June 03, 2021 Articles

Five Motions to Consider in Your Next Federal Appeal

When executed strategically, any of these five motions can strengthen your case and increase your likelihood of success.

By Mary-Christine (M.C.) Sungaila and Lauren Jacobs
Think outside the box in terms of motions in your next federal court appeal.

Think outside the box in terms of motions in your next federal court appeal.

Pexels | Ekaterina Bolovtsova

Aside from motions to extend time or to file oversized briefs, motions on appeal in federal court are rarely filed. But that does not mean that they cannot be helpful.

We highlight five often-overlooked motions to consider in your next appeal. (We focus on the U.S. Court of Appeals for the Ninth Circuit, our home circuit, but these motions are widely available in other circuits too.)

Motion for Summary Disposition

A court of appeals may decide a case by summary disposition, short-circuiting the need for full briefing and oral argument, where (1) “it is manifest that the questions on which the decision in the appeal or petition for review depends are so insubstantial as not to justify further proceedings” or (2) clear error, recent legislation, or a court decision moots an issue or requires a remand. See Ninth Cir. R. 3-6; see also United States v. Hooton, 693 F.2d 857, 858 (9th Cir. 1982) (per curiam) (issued prior to the Ninth Circuit’s Rule 3-6 and quoting U.S. Supreme Court rule allowing for summary disposition if “it is manifest that the questions on which the decision of the case depends are so unsubstantial as not to need further argument” (quoting Sup. Ct. R. 16(1)(c))); Ben Feuer, Meritless Ninth Circuit Civil Appeal Getting You Down? Get It Decided—Summarily, Cal. App. L. Grp. 2 (Apr. 11, 2018).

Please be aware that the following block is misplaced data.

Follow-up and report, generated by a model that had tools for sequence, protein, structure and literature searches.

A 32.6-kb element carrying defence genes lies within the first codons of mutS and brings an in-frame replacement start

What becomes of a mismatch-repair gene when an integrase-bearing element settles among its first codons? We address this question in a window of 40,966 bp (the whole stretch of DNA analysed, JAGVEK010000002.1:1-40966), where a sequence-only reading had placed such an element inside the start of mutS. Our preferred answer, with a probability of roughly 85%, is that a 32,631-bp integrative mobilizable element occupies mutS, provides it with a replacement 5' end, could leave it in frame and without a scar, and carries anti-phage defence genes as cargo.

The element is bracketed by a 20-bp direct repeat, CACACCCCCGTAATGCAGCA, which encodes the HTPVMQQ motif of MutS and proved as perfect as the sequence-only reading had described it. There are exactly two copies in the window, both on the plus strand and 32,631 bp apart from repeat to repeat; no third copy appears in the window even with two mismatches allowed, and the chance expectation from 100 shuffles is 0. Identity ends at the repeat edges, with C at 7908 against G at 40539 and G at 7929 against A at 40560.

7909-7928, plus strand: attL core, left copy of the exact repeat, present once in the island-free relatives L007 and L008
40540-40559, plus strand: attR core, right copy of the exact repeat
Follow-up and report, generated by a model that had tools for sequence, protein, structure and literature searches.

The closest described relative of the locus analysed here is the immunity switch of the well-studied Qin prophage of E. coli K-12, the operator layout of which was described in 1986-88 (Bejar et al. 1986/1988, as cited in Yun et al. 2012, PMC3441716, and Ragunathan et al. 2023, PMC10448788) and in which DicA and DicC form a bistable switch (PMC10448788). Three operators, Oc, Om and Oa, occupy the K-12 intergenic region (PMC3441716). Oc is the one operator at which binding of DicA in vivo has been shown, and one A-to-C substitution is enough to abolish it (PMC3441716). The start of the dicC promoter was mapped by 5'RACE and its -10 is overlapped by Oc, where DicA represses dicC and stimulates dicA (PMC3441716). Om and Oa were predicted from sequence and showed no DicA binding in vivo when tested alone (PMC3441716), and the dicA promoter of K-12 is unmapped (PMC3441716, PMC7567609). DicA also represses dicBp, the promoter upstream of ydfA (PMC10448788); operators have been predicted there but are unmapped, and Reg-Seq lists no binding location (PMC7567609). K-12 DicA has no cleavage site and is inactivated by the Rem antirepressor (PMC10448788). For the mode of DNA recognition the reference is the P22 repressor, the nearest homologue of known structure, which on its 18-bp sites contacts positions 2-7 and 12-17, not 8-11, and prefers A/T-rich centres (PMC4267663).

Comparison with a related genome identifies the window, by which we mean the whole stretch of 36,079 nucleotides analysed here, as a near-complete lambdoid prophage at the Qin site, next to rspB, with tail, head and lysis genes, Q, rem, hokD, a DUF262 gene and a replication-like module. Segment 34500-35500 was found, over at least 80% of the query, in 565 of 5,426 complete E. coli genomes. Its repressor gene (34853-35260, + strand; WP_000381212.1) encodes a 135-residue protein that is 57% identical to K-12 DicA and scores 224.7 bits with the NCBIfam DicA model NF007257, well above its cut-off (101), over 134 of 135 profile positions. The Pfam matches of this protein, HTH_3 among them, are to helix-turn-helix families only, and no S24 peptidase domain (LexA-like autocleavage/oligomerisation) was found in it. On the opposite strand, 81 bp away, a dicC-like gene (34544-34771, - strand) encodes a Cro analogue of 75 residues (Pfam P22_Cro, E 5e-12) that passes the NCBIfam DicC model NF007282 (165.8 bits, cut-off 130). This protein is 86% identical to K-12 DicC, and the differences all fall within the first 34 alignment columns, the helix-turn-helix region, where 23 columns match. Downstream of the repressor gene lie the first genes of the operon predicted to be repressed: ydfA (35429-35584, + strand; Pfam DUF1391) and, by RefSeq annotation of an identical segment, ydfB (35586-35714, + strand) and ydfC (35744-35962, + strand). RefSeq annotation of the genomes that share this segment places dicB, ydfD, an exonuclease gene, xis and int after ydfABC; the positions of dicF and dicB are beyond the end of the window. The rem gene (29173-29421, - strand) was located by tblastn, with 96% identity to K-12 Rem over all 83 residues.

Though such a motion may be filed before briefing is complete, consider filing it as an appellee before the opening brief when grounds for affirmance are clear and full briefing and argument appear unnecessary for the court to affirm. If the issue on which summary disposition is sought involves the court’s jurisdiction, a motion can be filed any time before the court issues an opinion in the case. Ninth Cir. R. 3-6.

Motion to Certify Questions to State Court

If your case pivots on a novel issue of state law that is not currently pending before the state’s highest court, consider asking the federal appellate court to certify the question to the corresponding state supreme court. See, e.g., Fields v. Legacy Health Sys., 413 F.3d 943, 958 (9th Cir. 2005); Delgado v. Rice, 236 F.3d 548, 549 (9th Cir. 2001) [login required]. All states in the Ninth Circuit allow federal courts to refer state law questions to their state supreme courts for resolution. Christopher A. Goelz et al., Rutter Group Practice Guide: Federal Ninth Circuit Civil Appellate Practice, at ch. 6-C, ¶ 6:390 (Westlaw database updated Apr. 2021). This will initiate a transfer of the issue to the state’s highest court (should it accept the circuit court of appeals’ invitation to decide the issue), and result in an ancillary proceeding before that court before the case returns to the federal circuit court for decision. Many state supreme courts welcome the opportunity to decide a novel issue of state law in the first instance rather than have a federal circuit court opine about how the supreme court might decide the issue.